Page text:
The moors.

Moody, misty, mysterious and monster-filled (think: hellhounds, werewolves and other assorted mythical creatures), the British moorlands are also home to some pretty miserable weather.

And across the craggy, windswept landscape of Dartmoor — legendarily boggy, soggy and foggy Dartmoor — this gloomy weather, in combination with fast-moving motor vehicles, has taken a toll on the national park’s prized population of free-roaming ponies.

Hardy and undeniably handsome, the Dartmoor pony is well suited to the harsh climes of South West England’s moorlands — they've spent centuries adapting to the conditions. However, these shaggy-maned, semi-feral animals are no match for slick roads and speeding cars.

Just this year, 74 ponies have been killed on the roads of Dartmoor National Park in Devon, a 368-square-mile swath of moorland popular for rock climbing, hill walking, letterboxing and, in more recent years, geocaching. And with winter ahead, park officials worry that, unless aggressive and unorthodox measures are taken, that number could rise even further.

In a move inspired by an initiative in Finland to reduce traffic collisions involving reindeer, a handful of privately owned Dartmoor ponies have been treated to a glow-in-the-dark makeover as part of pony-protecting pilot scheme. Whereas the Finnish program involved spraying reindeer antlers with fluorescent liquid dye, the ponies have been given a simple stripe of reflective blue paint that casts an “alien glow" when the headlights of cars traveling down the darkened roads of Dartmoor pass over it.

Dartmoor ponyDartmoor's namesake ponies are often drawn to roads by rule-bending, snack-offering tourists. (Photo: Matt Cardy/Getty Images)

“The reflective element is very bright and despite the horrendous weather, it's very visible,” Karla McKechnie, an officer with the Dartmoor Livestock Protection Society, recently explained to the BBC. “We'll now monitor how long it remains on the animals, and the company behind the paint is trying to see whether it can create an even brighter and more durable version."

True, the pony paint jobs, first applied back in late September to the sides and bottoms of a small number of horses to test the durability of the paint itself, do look a touch silly. (But, hey, it could be worse). And, yes, bestowing an animal with an “alien glow” in a sparsely populated, folklore-heavy area famous for cat-like cryptids and mysterious stone circles has the potential to really freak park visitors out.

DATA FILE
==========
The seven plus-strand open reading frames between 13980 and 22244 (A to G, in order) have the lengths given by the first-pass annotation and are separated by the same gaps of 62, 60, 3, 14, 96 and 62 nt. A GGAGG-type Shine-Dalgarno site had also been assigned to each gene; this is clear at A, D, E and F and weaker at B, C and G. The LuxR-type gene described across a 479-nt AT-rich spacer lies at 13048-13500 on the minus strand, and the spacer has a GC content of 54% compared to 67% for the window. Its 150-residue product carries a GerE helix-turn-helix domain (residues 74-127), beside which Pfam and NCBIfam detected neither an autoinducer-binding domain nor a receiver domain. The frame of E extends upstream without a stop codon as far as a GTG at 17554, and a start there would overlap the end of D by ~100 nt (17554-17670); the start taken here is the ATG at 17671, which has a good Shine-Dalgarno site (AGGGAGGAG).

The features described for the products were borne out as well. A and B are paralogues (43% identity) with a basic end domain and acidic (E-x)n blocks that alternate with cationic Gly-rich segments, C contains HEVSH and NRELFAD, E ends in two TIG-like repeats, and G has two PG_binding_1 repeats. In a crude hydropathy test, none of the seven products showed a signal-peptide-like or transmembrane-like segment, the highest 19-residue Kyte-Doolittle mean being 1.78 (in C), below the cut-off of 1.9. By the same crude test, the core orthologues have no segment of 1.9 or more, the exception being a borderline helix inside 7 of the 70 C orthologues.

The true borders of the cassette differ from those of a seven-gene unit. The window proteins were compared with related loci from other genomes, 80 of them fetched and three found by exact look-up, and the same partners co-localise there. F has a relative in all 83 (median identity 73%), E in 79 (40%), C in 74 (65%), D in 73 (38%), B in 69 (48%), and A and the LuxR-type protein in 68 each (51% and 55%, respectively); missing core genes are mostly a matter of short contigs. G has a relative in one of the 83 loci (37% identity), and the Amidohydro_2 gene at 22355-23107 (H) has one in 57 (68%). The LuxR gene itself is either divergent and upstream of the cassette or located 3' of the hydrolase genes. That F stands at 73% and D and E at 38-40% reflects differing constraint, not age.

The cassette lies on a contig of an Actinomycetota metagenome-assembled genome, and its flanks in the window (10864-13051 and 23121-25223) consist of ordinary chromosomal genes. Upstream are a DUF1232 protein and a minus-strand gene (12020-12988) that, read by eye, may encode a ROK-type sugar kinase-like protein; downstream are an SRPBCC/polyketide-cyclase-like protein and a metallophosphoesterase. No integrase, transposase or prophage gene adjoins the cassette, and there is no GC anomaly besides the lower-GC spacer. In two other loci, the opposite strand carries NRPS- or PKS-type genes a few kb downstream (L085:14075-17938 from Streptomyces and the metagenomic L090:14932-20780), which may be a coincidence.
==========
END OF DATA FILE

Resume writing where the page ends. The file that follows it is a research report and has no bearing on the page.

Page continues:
But startling visitors is all part of the plan — as long as it gets them to slow down and mind the road.

“This is the worst time of the year, moving into darker evenings and foggy, icy roads," Mike Dendick of the Dartmoor National Park Authority tells the Western Morning News. "The speed limit on the moors is 40mph, but we ask people to drive in accordance with the road conditions, and that could mean a lot less than 40mph."

In addition to slowing down, Dendick requests that Dartmoor pony peekers refrain from feeding the animals, an activity that's strongly discouraged — illegal, in fact — but that many park visitors still partake in. "Some people think ponies can't survive on the moors in winter, but they have survived for thousands of years. Please don't feed them — it attracts them to the roadside where they can be injured."

In addition to the lure of tasty handouts from motorists, the ponies are drawn to Dartmoor’s oft-treacherous roads by a highly lick-able substance applied during the wintertime to keep those same motorists safe: salt.

If the Dartmoor pony pilot program proves to be a success, park officials could potential apply reflective paint to other free-grazing animals including cattle. “The moor is a working landscape and the animals are the priority," says McKechnie.

That said, the paint would need to be reapplied given that the ponies shed their coats twice a year. A previous scheme in which reflective collars were affixed to the ponies was eventually abandoned after the collars kept falling off.

In 2013, The Guardian estimated the population of Dartmoor's sturdy highland ponies to be less than 1,000. In the 1940s, the ponies, traditionally used as cart-pulling beasts of burden, numbered more than 30,000. Roughly 34,000 human residents live within the confines of the park in various small villages and market towns including Ashburton, Moretonhampstead and Princetown.

Dartmoor National Park: Come for the otherworldly tors of granite, the sweeping vistas and quaint country inns. Stay for the glow-in-the-dark animals.

Via [BBC], [Western Morning News] via [The Independent]

Matt Hickman ( @mattyhick ) writes about design, architecture and the intersection between the natural world and the built environment.